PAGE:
Abstract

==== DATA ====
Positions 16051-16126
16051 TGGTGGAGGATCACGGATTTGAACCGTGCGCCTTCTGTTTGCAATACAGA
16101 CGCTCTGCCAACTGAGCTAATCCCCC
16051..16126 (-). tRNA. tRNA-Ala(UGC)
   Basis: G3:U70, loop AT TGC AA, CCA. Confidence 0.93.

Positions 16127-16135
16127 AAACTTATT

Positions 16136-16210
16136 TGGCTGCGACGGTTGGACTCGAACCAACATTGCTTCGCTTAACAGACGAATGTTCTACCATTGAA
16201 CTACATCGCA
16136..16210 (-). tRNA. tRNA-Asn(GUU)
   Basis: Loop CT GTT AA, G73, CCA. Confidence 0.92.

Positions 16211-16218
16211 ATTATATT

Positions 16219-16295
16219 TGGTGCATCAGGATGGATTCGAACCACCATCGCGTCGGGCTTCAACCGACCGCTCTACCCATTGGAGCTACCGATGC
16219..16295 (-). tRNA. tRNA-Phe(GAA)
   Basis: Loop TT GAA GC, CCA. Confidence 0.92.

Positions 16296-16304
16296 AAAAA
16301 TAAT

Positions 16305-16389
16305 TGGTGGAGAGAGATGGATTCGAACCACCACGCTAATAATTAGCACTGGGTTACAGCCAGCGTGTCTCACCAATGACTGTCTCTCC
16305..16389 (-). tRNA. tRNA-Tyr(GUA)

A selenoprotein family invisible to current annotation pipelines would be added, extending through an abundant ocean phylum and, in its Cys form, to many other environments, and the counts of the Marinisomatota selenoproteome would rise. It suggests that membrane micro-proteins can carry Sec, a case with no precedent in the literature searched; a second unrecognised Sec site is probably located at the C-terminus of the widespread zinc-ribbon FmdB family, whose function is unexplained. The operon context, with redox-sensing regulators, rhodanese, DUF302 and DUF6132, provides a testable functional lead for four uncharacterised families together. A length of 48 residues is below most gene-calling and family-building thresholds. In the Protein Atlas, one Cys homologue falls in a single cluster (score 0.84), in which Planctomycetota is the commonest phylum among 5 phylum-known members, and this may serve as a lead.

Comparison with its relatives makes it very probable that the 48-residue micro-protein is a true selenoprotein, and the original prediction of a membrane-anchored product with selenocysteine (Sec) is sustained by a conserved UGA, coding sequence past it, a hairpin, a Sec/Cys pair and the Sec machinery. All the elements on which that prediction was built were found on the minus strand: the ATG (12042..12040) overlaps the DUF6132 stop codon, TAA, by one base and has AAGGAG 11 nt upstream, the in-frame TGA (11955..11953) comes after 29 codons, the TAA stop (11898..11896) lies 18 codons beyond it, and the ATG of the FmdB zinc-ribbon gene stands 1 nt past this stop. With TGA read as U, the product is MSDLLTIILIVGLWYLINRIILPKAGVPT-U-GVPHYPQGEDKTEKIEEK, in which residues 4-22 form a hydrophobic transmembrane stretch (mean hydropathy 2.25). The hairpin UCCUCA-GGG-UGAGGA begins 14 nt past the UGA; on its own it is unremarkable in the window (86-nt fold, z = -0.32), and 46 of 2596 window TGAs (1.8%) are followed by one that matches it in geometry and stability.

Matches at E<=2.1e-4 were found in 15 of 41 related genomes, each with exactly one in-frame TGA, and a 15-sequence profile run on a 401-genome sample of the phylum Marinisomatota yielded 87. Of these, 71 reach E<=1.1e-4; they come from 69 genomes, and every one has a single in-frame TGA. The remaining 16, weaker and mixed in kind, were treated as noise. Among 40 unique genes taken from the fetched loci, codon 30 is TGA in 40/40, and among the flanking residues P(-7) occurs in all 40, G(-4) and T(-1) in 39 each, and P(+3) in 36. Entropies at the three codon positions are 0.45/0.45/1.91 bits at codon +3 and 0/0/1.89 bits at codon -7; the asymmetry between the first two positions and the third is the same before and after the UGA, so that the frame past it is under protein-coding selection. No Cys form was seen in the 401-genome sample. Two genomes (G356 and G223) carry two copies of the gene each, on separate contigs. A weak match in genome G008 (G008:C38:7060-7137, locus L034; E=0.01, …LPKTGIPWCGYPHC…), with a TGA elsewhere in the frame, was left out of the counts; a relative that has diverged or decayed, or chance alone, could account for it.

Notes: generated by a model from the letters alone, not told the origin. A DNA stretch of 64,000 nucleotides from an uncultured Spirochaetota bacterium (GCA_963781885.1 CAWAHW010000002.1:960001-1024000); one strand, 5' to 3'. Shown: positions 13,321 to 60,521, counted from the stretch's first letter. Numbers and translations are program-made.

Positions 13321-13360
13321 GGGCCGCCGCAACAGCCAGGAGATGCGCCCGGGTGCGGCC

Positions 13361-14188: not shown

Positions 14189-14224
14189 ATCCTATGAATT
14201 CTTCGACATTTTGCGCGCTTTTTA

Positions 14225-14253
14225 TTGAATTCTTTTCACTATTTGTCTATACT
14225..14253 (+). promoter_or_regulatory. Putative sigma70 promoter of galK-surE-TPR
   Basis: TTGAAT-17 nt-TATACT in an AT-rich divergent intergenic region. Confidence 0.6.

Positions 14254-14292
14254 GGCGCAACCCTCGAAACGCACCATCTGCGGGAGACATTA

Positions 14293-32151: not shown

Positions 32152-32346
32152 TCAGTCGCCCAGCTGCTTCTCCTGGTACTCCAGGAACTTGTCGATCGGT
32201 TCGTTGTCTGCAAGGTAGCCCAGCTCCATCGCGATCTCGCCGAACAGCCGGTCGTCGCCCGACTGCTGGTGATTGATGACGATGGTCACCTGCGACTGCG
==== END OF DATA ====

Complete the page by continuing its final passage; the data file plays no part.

Dipole phenomena in ocean-atmospheric variability such as the Indian Ocean Dipole have been recognized as important factors that greatly affect local climates. This study presents evidence of two dipole modes in sea surface temperature anomaly (SSTA) over high latitude Southern Hemisphere (one in South Pacific and one in South Indian Ocean), identified using empirical orthogonal functions and cross-correlation analysis. These dipole modes have interannual periodicity, which is also explored for their seasonal variability and modes. Herein, a dipole mode is defined as a quasi-periodic oscillation between positive and negative phases in the various climate proxies, though predominantly in SST, which is supported by the signal's synchronized relationship with atmospheric variability (as recorded by pressure and wind records). In addition, the dipole modes have a clear synchronization relationship to local precipitation records, which is described in this paper. For this purpose, an index to represent the time-dependent evolution of each dipole mode and to better define and understand the teleconnections of the dipole modes with other climate variables was defined. The findings described here provide a more precise and unique understanding of the globally distributed SSTA teleconnections and climate's synchronized dynamics than that has currently been studied.

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